The Spice Girl: Kanchan Koya

kanchan koya

“I did my Ph.D in molecular biology,” Kanchan Koya starts after I ask her about the conception of her popular blog Spice Spice Baby and new cookbook Spice Spice Baby: 100 Recipes with Healing Spices for Your Family Table. No big deal, right? After speaking with Koya and scrolling through her Instagram, her blog, and of course, reading her book, it’s obvious that the brilliant, trendy, Brooklyn-dwelling mom-of-two inspires people through her work.

Koya speaks excitedly yet humbly about the work she did at Harvard that consequently inspired her blog and new cookbook: Both aim to shed light on the healing potential of spices and how to incorporate them into everyday life. “My lab started to study the effects of curcumin—it’s a component in turmeric—and its effects on cancer,” Koya says. “I had grown up in India where turmeric is part of every household’s pantry and medicine cabinet. It made me smile when I realized that a decade later, one of the most renowned institutions in the world was studying the spice that I grew up with.”

Growing up in India, Koya was surrounded by spices that a lot of Americans had never heard of. “When I became a mom, I started to feed my son baby puree with spices because I thought it was a great way to expand his palate and bring a host of benefits to his plate,” Koya notes. “And a lot of parents that I knew—that weren’t of Indian origin—were surprised, a little concerned, and confused, so I felt that there was an opportunity to educate people about these magical, ancient ingredients and to demystify them a for the western audience and the modern kitchen.”

Koya wound up including over 100 incredible recipes in her cookbook, moving 10 of the most popular ones over from the blog. “The remaining were just recipes that I fed my family and my kids, and at the time it was just my son,” she says. “I would use that as a starting point to make it better while always thinking about how I can make it healthier and more kid-approved.”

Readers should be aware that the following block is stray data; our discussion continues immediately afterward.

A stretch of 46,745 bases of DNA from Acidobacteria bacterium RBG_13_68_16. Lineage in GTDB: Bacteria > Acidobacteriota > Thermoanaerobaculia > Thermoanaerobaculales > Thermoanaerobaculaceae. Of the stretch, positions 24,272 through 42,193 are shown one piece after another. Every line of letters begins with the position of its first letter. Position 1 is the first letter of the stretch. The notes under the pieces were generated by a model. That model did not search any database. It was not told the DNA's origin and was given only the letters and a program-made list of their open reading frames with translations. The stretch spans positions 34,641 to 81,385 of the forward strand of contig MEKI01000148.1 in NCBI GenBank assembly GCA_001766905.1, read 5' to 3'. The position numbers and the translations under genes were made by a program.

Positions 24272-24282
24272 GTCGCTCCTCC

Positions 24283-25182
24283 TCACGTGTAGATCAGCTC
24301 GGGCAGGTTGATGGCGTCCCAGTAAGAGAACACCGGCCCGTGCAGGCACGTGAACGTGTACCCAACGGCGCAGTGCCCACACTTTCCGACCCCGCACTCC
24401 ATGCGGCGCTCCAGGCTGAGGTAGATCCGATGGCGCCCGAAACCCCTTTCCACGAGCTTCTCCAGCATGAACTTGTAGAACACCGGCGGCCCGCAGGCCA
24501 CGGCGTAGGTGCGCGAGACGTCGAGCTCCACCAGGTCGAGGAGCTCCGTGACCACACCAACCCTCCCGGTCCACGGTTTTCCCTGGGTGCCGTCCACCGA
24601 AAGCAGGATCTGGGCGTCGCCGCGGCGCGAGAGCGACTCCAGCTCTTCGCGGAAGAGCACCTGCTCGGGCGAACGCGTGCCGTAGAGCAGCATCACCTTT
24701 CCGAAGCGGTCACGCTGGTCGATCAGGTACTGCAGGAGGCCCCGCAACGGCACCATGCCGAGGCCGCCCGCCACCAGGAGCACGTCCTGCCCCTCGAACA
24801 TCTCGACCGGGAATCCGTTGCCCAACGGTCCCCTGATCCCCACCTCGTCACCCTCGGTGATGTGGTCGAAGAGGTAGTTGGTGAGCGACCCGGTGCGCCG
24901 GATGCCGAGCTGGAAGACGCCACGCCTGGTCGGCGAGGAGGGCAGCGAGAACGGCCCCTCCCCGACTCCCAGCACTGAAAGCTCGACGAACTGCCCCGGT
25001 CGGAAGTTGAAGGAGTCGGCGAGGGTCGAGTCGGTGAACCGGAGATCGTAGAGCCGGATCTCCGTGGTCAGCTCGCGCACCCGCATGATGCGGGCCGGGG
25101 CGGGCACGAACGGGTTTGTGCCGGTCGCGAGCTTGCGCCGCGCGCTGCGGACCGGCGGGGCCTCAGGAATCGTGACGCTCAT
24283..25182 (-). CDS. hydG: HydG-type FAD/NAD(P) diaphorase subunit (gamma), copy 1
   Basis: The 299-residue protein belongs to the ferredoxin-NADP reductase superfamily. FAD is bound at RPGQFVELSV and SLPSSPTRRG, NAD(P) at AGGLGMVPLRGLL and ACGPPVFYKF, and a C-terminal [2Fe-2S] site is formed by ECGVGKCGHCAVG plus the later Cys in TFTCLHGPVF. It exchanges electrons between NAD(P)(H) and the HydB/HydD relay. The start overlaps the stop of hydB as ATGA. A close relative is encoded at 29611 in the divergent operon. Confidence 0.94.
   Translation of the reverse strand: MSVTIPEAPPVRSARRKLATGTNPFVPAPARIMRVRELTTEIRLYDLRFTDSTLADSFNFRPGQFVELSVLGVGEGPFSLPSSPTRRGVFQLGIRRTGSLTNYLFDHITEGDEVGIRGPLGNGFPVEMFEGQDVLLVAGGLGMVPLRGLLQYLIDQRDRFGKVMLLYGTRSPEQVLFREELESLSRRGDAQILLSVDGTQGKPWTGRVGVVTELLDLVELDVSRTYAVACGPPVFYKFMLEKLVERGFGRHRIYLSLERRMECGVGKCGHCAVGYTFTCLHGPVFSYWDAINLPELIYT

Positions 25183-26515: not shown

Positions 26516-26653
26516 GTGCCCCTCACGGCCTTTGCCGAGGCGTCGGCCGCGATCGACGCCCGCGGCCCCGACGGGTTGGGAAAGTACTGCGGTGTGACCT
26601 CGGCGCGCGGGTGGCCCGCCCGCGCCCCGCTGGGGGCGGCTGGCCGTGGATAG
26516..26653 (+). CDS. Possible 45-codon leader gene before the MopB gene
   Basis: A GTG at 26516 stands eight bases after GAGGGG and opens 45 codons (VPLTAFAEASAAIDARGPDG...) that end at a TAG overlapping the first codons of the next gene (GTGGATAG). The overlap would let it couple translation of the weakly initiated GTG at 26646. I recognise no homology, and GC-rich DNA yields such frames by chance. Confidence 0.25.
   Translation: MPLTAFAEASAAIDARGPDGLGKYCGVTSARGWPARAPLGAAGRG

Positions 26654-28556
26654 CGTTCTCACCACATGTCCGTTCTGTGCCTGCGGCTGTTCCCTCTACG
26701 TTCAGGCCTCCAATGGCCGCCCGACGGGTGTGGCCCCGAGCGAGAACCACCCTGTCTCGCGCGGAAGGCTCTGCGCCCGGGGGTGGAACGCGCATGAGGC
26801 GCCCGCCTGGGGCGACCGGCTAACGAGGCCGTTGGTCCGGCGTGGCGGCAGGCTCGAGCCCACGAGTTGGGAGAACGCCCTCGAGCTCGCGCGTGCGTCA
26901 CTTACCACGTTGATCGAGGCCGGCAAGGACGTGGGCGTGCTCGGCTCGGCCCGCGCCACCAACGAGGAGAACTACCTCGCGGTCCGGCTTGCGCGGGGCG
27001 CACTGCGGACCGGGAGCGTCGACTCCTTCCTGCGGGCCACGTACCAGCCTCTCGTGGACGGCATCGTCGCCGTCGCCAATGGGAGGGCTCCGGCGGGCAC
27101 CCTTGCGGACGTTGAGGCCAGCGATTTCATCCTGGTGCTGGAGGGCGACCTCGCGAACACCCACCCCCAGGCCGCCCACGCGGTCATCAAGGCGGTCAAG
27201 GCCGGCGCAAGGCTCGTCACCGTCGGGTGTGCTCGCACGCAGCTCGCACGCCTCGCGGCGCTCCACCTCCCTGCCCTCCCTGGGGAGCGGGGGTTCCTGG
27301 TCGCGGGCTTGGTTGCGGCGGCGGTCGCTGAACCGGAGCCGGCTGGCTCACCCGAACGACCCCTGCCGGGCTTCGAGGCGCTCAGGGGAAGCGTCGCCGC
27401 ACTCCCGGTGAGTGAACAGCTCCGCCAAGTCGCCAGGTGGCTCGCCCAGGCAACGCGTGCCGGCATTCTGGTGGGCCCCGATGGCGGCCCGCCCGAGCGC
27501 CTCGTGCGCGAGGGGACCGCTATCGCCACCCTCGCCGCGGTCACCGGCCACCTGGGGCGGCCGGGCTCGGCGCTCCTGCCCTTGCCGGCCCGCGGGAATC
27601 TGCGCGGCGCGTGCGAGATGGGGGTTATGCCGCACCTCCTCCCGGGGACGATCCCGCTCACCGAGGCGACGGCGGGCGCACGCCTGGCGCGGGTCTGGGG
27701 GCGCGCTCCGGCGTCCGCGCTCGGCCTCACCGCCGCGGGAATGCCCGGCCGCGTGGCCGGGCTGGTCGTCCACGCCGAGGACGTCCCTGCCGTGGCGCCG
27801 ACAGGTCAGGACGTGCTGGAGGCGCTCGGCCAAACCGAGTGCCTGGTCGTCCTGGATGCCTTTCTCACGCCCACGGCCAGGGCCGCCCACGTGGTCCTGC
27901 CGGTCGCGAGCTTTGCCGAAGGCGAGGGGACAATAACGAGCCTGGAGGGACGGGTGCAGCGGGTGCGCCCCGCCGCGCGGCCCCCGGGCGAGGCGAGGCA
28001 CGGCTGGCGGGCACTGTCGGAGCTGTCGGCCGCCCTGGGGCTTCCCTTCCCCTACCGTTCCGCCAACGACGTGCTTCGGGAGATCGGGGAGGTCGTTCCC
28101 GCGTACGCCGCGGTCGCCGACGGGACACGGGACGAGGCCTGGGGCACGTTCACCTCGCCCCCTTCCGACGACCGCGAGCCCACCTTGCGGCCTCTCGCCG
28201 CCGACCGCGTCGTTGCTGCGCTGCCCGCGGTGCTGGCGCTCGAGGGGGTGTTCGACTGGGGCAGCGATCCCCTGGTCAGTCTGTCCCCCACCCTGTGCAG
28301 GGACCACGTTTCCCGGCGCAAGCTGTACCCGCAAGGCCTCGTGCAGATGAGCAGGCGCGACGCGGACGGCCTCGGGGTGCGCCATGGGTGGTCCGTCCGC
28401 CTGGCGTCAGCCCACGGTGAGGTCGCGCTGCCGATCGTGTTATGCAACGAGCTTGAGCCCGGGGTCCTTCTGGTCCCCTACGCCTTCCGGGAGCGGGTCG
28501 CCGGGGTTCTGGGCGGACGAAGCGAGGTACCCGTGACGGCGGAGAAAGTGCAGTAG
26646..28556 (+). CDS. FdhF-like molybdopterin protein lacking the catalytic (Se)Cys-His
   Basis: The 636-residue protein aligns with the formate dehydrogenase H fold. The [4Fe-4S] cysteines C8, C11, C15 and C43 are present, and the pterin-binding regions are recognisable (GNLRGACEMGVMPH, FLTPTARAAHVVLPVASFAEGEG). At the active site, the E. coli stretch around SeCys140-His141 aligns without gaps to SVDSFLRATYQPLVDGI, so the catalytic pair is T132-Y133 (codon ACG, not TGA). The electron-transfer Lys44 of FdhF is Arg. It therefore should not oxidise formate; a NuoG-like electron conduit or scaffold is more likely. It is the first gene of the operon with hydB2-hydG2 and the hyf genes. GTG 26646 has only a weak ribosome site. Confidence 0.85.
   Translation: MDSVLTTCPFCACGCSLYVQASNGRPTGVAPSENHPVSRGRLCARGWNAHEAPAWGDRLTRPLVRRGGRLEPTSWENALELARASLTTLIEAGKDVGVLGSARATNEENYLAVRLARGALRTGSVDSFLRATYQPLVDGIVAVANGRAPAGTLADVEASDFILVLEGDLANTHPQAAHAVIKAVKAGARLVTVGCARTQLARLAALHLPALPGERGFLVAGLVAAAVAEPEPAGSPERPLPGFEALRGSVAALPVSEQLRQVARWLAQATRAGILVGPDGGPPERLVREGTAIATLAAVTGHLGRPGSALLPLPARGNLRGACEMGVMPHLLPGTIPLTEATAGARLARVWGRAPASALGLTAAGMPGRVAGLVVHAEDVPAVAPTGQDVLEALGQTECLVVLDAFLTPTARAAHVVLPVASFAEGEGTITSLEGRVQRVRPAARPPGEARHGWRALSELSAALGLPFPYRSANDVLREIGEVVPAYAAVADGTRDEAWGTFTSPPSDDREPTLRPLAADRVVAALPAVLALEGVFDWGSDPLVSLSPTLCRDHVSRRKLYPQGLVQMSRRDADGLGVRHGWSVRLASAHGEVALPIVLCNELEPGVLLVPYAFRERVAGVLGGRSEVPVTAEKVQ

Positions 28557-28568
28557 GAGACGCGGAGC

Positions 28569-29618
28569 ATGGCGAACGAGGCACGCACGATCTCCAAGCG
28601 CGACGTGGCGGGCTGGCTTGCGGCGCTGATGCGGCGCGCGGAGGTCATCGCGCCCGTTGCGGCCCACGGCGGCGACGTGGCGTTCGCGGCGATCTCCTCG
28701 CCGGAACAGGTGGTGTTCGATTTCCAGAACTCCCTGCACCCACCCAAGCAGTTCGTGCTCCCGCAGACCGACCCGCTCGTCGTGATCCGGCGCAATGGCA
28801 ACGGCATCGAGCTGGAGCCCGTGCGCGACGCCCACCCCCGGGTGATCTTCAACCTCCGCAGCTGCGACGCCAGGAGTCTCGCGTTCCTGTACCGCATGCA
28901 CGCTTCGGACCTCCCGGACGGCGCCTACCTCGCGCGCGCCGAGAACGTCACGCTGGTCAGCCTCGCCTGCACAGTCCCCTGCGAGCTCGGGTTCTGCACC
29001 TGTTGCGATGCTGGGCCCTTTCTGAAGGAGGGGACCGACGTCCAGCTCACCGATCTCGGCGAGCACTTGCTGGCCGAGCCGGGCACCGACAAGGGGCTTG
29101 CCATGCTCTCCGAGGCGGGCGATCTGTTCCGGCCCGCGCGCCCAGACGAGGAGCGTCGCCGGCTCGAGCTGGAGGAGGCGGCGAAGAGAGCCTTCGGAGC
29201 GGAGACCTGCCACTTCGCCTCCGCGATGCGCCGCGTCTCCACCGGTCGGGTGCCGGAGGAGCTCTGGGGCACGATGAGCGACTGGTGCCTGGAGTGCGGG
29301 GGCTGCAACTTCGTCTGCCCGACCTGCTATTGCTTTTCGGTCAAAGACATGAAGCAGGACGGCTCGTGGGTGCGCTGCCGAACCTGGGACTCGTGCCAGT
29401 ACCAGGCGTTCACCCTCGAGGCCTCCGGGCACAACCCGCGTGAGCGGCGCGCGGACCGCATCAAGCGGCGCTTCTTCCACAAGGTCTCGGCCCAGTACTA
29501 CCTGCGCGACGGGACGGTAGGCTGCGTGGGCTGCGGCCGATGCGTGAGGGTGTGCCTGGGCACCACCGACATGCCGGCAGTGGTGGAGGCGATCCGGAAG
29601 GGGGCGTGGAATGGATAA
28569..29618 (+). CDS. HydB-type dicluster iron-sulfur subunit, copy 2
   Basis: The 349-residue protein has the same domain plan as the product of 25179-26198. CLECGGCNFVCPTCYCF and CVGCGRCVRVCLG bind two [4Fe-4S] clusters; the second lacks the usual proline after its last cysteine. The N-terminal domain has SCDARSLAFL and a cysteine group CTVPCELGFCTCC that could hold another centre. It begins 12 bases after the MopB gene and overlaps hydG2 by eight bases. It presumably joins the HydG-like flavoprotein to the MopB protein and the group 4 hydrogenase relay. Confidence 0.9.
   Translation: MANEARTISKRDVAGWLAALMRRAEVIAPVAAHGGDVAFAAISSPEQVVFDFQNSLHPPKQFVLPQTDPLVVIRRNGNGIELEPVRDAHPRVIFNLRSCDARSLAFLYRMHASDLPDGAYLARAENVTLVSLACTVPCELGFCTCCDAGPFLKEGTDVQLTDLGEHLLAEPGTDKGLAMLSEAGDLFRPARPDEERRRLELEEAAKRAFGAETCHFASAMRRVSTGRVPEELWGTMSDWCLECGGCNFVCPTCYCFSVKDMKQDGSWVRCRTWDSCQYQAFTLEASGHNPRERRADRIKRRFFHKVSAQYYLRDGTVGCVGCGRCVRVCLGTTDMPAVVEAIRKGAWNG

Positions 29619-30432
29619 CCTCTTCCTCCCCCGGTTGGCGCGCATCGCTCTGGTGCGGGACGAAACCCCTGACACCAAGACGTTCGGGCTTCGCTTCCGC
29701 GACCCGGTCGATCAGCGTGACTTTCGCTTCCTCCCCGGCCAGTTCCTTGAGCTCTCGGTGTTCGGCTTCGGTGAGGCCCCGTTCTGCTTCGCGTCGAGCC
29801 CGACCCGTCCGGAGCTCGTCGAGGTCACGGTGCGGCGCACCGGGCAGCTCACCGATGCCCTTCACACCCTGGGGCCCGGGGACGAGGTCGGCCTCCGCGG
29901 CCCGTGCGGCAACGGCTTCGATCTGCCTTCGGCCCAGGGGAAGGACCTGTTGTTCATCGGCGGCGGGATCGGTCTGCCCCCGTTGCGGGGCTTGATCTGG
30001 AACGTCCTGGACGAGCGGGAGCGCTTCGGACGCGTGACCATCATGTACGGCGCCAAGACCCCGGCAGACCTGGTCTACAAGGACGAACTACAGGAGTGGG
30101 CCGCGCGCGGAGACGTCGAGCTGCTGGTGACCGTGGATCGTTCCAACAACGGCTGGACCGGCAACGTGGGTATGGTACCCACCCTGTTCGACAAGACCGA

So far, these recipes are a hit with her own children: Ilhan, 6 and Nur, 18 months. Their all-time favorite from the cookbook is the Blood Orange Glazed Chinese Five Spice Meatballs. Taking one look at the recipe (and the gorgeous photo!) pretty much sums up why. “They sound crazy adventurous, but kids love them because they have shredded apples and carrots, so they have vegetables,” Koya notes. “And they have minced beef and pork and Chinese Five-Spice, which I actually made kid-friendly in the book by substituting Szechuan peppercorn for black pepper.”kanchan koya

Serving children healthy food that just so happens to taste amazing is Koya’s goal for her blog and cookbook, as well as keeping parents from overthinking mealtime. “I wanted to send the message that feeding kids delicious healthy food isn’t that hard,” she adds. “I also wanted to show that spices can be part of everyday cooking regardless of your ethnic background. They are really wonderful flavor enhancers, they’re great with expanding kids’ palates, and they have a range of amazing benefits!”

Another one of Koya’s biggest motivations was to inspire families to take time to gather around the table. “I know it’s hard and kids can be picky, but I feel like parents are cooking too many separate meals for everybody and I don’t think it nurtures our kids to eat well,” Koya says, adding: “Every dish is designed to be appealing to my toddler all the way to my great grandma. That’s why the tagline is ‘Family Table’—I feel like that’s something that’s missing and we need to work towards that a little bit more.”

To learn more about Kanchan Koya, visit!